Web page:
Jared Bernstein is a senior fellow at the Center on Budget and Policy Priorities. During the Obama administration, he served as Vice President Joe Biden’s chief economist and economic adviser, executive director of the White House Task Force on the Middle Class, and a member of President Obama's economic team. He is the author and co-author of numerous books including his latest book, "The Reconnection Agenda: Reuniting Growth and Prosperity."
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The system tends to offer up minimum wage increases that it can absorb without distortions.
Analysis of the historical record shows that increasing the minimum wage has its intended effect of raising the earnings of low-wage workers who need the raise without harming their employment prospects.
Ive always thought the national minimum wage is a lot more important than most people tend to think.
Which helps low-income people the mostthe minimum wage or the Earned Income Tax Credit? Its a false choice. Together, these two programs balance the social cost of low-wage work between taxpayers and low-wage employers.
Bernstein argued that current transfer programs, despite flaws, are accomplishing their intended goals and thus do not need to be replaced wholesale — which, in his view, would leave many people worse off.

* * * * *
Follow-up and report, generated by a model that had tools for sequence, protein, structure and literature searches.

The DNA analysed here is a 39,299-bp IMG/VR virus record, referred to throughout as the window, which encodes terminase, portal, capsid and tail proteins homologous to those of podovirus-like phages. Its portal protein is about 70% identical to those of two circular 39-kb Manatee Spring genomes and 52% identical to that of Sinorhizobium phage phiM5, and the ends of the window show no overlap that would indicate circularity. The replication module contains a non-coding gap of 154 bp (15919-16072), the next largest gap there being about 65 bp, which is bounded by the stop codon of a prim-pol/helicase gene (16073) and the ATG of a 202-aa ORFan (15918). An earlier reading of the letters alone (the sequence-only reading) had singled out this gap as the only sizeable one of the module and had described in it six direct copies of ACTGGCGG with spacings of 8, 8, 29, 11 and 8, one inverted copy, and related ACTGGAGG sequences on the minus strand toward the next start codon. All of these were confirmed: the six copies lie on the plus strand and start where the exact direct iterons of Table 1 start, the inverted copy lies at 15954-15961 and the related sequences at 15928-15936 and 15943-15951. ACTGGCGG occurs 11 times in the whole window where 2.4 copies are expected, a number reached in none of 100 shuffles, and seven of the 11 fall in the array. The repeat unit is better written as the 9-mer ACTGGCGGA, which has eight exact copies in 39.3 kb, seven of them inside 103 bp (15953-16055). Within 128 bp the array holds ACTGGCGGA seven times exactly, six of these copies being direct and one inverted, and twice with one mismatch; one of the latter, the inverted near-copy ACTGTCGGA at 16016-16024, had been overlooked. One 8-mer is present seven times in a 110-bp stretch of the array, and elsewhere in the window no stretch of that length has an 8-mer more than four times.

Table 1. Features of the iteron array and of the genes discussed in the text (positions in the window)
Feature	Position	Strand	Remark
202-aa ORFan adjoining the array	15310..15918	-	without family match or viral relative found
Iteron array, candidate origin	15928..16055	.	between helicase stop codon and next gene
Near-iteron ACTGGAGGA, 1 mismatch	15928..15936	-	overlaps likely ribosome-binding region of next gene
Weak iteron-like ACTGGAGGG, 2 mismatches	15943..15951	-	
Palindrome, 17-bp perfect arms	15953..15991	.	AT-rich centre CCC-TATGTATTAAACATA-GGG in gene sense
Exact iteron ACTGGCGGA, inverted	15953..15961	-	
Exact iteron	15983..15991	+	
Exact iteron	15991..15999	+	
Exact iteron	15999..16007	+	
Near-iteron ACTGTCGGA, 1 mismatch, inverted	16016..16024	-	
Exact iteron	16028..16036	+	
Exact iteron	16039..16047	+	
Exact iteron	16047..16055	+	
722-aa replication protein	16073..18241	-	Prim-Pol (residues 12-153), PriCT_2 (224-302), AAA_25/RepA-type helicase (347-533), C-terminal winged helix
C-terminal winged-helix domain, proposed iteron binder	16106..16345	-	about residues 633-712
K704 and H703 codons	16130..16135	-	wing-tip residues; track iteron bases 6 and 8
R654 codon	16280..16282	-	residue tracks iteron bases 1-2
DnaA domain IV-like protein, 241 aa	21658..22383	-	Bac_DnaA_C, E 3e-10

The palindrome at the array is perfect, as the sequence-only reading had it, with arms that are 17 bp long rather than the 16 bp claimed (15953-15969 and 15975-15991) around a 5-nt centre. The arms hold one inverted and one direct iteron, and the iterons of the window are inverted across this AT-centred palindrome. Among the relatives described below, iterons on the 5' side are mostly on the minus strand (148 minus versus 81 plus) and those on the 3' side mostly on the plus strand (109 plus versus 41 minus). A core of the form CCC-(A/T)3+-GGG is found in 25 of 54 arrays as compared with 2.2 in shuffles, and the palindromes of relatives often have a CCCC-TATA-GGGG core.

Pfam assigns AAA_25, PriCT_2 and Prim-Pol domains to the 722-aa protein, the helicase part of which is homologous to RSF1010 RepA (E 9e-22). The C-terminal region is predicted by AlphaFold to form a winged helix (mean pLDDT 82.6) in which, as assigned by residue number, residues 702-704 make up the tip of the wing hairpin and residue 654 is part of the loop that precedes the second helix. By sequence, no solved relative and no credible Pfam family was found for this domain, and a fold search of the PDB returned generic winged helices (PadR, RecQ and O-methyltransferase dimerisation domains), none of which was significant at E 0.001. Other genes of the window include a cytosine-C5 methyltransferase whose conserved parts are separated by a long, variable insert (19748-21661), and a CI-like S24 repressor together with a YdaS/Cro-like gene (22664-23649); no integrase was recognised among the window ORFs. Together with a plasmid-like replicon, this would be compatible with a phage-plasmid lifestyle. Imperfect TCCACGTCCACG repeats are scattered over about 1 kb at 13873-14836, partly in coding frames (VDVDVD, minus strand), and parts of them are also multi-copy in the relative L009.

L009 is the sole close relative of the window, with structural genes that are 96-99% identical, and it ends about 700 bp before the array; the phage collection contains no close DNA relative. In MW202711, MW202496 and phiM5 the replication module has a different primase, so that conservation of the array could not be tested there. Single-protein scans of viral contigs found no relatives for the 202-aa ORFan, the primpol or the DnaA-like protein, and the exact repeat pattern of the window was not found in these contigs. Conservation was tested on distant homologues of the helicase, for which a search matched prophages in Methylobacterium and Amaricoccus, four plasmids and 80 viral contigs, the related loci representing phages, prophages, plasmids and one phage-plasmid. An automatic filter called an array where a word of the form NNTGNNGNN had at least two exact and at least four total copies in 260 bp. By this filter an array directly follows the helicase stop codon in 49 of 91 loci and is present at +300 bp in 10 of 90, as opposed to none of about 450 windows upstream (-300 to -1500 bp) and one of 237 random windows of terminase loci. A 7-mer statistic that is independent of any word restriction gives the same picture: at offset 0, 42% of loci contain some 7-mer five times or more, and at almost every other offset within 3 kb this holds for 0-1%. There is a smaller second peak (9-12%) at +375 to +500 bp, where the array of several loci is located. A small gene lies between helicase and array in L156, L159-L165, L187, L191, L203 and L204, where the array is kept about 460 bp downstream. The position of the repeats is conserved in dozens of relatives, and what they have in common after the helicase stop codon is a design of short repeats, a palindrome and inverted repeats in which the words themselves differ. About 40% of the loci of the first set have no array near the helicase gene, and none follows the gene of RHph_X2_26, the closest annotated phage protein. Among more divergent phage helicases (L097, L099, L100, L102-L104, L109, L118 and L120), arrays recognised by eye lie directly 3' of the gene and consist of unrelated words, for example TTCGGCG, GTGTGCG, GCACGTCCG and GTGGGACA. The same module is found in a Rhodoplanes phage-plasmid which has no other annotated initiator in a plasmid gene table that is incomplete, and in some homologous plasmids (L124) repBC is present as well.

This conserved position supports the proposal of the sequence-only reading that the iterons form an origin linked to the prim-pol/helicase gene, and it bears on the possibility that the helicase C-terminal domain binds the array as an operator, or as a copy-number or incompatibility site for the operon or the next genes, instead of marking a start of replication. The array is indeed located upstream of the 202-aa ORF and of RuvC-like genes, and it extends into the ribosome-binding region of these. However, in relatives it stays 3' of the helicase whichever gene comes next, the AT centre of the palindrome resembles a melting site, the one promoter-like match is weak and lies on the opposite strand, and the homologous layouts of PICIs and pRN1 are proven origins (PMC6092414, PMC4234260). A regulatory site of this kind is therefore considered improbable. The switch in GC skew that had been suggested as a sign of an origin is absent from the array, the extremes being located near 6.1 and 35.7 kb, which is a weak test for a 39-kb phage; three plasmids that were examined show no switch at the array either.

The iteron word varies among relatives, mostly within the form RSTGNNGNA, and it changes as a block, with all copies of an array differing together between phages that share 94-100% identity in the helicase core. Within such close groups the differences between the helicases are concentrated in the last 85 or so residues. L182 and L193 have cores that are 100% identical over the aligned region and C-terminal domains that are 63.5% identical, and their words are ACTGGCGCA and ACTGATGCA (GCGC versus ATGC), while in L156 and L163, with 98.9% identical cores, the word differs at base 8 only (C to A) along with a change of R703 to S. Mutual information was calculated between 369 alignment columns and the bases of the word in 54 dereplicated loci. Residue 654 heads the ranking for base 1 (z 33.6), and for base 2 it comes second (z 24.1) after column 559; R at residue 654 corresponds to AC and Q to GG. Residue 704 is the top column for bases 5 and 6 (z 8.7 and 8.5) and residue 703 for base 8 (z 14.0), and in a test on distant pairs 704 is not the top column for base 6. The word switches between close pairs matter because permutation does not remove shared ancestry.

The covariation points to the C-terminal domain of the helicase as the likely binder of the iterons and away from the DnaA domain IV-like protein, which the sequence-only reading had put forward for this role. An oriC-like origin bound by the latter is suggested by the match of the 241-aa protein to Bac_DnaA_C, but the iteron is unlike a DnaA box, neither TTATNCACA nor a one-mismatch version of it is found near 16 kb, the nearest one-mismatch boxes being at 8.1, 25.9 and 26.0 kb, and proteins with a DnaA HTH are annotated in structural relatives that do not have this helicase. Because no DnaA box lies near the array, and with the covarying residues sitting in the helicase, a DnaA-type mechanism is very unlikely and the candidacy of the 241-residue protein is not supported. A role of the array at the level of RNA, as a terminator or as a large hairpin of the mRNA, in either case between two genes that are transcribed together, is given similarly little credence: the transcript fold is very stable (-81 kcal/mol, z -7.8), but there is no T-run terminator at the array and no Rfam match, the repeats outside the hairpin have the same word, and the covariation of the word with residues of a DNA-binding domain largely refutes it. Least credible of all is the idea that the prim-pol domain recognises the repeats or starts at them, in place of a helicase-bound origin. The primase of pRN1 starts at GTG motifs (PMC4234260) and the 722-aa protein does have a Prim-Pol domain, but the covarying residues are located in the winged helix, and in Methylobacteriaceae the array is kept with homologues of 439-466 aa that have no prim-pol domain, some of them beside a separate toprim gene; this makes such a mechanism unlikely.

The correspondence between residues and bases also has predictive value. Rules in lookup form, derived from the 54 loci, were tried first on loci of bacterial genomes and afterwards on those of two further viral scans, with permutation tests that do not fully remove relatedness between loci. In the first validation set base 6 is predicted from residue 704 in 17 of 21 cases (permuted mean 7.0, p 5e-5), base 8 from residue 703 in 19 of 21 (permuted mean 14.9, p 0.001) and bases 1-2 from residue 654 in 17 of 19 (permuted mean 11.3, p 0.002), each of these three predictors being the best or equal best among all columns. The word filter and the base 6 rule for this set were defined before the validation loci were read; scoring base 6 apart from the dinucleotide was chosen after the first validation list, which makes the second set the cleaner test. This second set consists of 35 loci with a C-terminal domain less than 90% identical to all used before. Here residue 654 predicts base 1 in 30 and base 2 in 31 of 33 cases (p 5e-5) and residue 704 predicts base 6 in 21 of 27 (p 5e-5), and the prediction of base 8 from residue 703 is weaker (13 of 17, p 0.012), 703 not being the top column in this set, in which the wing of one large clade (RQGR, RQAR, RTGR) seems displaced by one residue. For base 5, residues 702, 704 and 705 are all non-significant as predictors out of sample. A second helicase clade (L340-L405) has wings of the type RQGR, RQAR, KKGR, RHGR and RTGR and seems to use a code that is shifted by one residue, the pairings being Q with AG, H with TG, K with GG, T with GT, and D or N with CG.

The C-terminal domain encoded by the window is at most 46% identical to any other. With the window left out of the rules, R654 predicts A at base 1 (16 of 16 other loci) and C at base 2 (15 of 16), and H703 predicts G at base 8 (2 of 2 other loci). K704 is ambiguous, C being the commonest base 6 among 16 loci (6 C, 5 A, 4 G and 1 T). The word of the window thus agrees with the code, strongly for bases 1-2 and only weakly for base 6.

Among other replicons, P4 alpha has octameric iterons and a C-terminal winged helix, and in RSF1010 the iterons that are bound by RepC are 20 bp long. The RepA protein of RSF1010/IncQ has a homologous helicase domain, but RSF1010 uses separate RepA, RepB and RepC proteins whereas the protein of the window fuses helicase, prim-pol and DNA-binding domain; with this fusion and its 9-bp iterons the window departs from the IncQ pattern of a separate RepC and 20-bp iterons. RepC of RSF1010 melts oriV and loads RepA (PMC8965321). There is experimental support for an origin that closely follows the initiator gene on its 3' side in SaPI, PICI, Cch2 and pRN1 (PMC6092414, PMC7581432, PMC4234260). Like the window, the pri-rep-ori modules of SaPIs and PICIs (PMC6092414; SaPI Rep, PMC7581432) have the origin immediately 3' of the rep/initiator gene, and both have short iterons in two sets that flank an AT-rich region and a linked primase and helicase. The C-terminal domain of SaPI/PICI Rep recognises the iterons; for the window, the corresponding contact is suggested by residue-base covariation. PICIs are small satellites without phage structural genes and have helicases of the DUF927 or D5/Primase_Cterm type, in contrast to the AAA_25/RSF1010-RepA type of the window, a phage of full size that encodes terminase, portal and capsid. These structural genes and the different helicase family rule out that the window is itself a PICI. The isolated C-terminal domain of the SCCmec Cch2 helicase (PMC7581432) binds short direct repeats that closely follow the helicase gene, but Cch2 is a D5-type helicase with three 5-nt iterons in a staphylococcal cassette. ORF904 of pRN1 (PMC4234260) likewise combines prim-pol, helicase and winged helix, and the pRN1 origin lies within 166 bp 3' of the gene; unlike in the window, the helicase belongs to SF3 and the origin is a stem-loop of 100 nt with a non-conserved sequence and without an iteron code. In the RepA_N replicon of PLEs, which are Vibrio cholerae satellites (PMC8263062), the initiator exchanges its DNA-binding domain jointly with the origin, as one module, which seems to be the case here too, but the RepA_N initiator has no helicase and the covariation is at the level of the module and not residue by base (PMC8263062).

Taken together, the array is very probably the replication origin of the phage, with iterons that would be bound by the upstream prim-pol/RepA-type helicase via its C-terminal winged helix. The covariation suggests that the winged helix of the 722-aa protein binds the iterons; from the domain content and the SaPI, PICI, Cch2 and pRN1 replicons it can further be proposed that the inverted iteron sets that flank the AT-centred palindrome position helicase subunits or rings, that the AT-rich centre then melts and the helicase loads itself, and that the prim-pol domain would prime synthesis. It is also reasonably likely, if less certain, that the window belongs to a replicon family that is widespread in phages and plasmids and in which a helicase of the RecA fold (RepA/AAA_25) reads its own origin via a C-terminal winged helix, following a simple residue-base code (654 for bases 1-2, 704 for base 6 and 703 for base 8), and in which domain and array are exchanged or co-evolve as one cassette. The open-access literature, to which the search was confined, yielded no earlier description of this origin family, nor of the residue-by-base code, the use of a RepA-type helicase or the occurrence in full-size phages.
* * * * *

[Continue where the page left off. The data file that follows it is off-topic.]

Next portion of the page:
Jared Bernstein argues, “It is now clear that globalisation’s cheerleaders did globalisation no favour by ignoring the losers.”
In light of President Trump’s tariffs, Jared Bernstein argues, “Not only do the winners fail to compensate those hurt by trade, they use their winnings to buy politicians and policies that consolidate their gains while further penalizing those left behind.”
Jared Bernstein argues, “Many people in advanced economies believe they’ve been hurt by expanded trade with low-wage countries, and many of them are right about it.”
Jared Bernstein argues, “The new rules must prioritize the economic needs of low- and middle-income families while preserving the democratic, accountable policymaking processes that are essential to creating and maintaining the environmental, consumer, labor, and human-rights policies on which we all rely.”
Jared Bernstein argues, “The real median annual earnings of men — and remember, these are guys that are solidly attached to the job market — have been essentially flat since the early 1970s.”
Jared Bernstein details the perils of ignoring the effects of globalization on Americans.
Jared Bernstein argues, “We should welcome the end of the era of F.T.A.s, which had long devolved into handshakes between corporate and investor interests on both sides of the border, allowing little voice for working people.”